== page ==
Nordes13 Doctoral Consortium + conference

At last, its time for the Nordes13 conference, starting yesterday with a very stimulating doctoral consortium. I have been looking forward to this opportunity to meet with peers and learn from seniors doing design research for a long time, as I do feel very out of the loop, being the only one to take this approach at my institution.

It was therefore very inspiring and informative to hear about the other doctoral participants’ projects, and of course also very useful to get some critical, constructive feedback on my own paper and presentation. But to be honest, it also made me panic a bit.

My concerns about being an outlier, and not really grounded in design research, were not put to rest, rather I was reminded of all the things I don’t know. The ongoing discussions in the field, the assumptions behind the different approaches, the programs, tools and methods. I mean, I know the basics, but really I have just been building my own method from the ideas that inspired me. And although experimentation is welcome in this field, I suddenly felt that I lack the understanding and the guidance to be able to explain what it is that I have been doing, and criticizing and situating my own research within the design field, let alone transfering it to the field of museology.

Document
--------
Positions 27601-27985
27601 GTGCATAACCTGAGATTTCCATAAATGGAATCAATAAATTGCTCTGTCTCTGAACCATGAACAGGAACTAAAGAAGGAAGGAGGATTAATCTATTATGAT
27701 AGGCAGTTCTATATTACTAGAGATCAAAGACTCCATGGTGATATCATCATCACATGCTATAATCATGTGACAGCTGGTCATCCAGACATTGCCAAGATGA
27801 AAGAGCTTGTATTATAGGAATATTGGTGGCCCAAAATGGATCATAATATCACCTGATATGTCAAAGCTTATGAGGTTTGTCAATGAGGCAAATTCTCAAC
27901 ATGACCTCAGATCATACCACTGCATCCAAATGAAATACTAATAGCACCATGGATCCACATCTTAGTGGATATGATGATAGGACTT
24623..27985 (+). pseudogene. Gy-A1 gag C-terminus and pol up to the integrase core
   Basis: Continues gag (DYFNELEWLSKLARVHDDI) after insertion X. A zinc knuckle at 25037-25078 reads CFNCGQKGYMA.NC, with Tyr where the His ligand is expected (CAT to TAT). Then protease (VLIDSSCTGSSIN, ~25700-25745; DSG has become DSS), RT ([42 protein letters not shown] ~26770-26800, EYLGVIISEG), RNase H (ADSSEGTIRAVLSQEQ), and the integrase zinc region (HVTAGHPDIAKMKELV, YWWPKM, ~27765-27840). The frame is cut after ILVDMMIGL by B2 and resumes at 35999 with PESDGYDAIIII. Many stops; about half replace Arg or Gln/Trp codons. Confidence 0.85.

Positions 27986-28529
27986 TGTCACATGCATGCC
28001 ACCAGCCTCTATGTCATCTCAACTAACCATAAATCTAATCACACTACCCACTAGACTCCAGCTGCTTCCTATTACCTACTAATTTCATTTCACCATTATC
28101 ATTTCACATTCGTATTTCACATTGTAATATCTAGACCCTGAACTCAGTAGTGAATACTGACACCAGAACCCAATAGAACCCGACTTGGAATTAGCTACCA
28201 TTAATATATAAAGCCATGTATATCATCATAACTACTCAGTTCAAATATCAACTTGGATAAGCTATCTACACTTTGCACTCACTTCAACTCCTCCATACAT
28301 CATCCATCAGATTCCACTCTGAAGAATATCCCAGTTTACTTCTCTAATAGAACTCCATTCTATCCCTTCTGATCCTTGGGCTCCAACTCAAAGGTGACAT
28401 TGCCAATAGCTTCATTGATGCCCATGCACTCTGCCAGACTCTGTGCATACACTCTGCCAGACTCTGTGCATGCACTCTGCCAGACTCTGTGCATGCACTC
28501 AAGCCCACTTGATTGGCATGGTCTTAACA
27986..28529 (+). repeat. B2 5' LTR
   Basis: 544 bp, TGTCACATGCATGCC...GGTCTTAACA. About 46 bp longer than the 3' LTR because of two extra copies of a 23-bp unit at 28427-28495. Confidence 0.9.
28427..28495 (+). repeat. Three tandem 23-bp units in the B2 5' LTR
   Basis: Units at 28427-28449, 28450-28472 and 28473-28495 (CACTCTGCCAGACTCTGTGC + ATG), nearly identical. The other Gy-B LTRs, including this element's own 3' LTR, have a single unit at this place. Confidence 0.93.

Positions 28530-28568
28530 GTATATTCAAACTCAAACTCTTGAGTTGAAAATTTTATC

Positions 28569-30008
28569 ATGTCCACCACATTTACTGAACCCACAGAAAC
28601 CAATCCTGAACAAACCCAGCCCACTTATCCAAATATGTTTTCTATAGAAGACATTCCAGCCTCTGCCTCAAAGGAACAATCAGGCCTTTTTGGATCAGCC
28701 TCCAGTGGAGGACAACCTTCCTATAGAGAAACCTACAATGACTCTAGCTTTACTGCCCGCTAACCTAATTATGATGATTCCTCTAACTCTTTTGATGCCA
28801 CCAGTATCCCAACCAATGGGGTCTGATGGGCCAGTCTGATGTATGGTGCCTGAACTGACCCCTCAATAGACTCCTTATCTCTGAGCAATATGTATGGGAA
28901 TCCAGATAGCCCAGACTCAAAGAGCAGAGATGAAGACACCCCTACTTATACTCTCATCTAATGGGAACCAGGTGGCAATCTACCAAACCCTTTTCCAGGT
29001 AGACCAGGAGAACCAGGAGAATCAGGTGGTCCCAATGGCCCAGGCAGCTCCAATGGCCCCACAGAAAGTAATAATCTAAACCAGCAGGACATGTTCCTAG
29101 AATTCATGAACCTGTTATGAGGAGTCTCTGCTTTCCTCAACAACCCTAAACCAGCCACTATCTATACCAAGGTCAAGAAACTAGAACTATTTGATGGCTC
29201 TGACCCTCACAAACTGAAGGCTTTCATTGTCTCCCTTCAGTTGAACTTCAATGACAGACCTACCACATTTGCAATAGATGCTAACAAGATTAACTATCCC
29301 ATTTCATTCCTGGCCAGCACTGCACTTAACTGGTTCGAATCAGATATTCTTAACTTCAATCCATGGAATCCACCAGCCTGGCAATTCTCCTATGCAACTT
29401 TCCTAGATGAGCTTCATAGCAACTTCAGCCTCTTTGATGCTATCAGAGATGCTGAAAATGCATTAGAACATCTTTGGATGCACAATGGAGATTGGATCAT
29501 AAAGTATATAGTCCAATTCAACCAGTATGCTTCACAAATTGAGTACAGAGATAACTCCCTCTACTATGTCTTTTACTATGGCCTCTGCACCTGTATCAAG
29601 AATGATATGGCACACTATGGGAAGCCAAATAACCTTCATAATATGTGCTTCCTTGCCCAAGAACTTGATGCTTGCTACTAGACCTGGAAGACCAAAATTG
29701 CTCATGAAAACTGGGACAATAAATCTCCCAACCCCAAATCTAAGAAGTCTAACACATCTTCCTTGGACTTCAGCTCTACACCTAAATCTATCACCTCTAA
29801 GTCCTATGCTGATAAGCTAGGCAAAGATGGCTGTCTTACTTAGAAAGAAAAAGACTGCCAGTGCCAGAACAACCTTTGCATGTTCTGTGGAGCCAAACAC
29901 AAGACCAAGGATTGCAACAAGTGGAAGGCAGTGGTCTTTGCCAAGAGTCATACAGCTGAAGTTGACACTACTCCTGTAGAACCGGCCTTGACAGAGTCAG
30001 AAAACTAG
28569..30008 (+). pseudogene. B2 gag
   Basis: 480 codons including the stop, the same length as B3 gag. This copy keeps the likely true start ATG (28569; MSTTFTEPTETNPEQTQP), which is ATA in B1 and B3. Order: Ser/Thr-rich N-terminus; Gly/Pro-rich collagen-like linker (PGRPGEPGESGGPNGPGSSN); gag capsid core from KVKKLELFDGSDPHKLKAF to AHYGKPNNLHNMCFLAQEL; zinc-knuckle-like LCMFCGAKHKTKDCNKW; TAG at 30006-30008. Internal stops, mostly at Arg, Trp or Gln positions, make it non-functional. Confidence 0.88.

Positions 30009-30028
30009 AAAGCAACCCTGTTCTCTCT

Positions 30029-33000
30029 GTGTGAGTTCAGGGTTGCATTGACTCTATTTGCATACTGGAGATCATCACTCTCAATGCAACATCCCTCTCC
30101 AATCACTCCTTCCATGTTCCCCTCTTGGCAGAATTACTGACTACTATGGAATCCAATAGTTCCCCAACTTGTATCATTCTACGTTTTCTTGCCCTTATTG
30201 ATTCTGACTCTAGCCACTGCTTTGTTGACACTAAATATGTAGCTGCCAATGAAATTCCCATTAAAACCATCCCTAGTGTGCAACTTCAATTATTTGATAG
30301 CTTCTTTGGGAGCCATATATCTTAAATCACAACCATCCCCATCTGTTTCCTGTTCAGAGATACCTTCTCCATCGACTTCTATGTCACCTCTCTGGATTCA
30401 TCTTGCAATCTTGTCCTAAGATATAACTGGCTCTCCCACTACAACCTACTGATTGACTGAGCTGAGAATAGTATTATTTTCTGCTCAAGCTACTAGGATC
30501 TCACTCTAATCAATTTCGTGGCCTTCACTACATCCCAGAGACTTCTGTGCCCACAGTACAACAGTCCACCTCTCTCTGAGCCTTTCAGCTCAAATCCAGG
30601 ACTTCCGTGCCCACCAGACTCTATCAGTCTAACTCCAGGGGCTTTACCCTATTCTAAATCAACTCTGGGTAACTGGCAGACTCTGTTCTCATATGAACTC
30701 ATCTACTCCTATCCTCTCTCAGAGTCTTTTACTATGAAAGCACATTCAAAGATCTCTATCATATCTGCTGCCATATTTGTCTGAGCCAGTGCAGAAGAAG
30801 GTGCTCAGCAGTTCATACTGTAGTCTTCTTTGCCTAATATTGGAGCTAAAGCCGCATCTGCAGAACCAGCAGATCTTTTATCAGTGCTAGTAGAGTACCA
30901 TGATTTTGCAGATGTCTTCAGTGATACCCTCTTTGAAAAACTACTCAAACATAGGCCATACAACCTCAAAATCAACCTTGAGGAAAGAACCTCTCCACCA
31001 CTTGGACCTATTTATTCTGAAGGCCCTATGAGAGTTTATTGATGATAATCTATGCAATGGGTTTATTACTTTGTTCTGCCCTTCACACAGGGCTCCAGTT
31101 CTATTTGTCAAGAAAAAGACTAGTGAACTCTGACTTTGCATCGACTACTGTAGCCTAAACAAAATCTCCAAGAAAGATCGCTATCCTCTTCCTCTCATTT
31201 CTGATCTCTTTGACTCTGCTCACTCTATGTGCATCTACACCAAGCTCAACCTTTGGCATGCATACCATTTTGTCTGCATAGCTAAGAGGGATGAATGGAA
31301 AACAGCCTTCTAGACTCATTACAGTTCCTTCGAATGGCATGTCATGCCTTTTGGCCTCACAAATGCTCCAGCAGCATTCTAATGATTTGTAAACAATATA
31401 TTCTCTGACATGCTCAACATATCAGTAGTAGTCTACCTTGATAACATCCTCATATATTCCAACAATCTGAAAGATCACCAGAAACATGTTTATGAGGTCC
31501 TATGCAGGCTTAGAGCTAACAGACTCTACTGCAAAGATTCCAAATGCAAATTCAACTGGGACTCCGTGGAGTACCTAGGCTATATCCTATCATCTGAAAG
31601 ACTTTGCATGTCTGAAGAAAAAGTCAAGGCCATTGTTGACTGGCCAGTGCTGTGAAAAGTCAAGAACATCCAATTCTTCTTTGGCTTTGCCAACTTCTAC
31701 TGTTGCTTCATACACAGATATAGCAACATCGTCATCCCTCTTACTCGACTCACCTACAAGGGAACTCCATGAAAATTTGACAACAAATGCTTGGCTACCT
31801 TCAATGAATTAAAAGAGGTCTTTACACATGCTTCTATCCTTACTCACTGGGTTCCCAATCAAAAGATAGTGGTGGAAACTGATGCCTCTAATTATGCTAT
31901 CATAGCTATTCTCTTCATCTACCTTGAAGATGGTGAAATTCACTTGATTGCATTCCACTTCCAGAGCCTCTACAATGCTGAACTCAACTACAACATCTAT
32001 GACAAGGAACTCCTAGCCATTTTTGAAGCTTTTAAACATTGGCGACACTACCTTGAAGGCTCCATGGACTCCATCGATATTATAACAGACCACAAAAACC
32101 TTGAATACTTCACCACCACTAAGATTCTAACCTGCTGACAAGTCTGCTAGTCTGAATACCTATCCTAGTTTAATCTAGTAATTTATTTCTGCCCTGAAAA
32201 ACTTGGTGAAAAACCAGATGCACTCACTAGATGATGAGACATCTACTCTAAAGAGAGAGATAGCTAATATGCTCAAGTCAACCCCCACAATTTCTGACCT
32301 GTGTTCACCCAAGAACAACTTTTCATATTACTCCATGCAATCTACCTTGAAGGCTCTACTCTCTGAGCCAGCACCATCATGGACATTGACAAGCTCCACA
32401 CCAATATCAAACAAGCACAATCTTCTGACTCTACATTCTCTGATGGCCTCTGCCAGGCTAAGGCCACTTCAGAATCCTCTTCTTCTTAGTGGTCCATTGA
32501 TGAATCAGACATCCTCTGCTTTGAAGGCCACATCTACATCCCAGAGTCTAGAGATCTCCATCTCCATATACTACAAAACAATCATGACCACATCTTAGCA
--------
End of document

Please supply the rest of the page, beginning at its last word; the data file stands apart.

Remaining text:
So even though I had a general thumbs up to my approach, for instance in using a visual journal as a tool for research, I still find it hard to answer to/ specify exactly what I have done with it that makes it designerly, or research quality, and not simply a few pretty pages in a notebook. (I’ve started a draft for another post about the journal, because I’ve put off trying to explain it for so long, and I really need to start reflecting on it properly, so I won’t go into that here.)

No to self (from Joachim Halse)

No to self (from Joachim Halse)

As for the other comments, I really wish I had recorded the response I had, because I was too busy engaging in the conversation to take down  notes, and so I might lose some of the good points that were made.

One significant overall comment, from Lasse Hallnäs, was the assertion that my project/scope was very broad. I’m still trying to work out what to make of it, as it is not a criticism I’ve had before (when discussing my project with my supervisors or presenting in other settings). I actually thought that I had managed to narrow it down quite nicely (in general) as well as pitching this short paper and presentation to this particular context. Either way, I will have to consider whether my project really is to ambitious or unfocused, or whether it is my presentation of it that is too unclear, leading to misreadings of my actual intentions- or perhaps a combination of the two.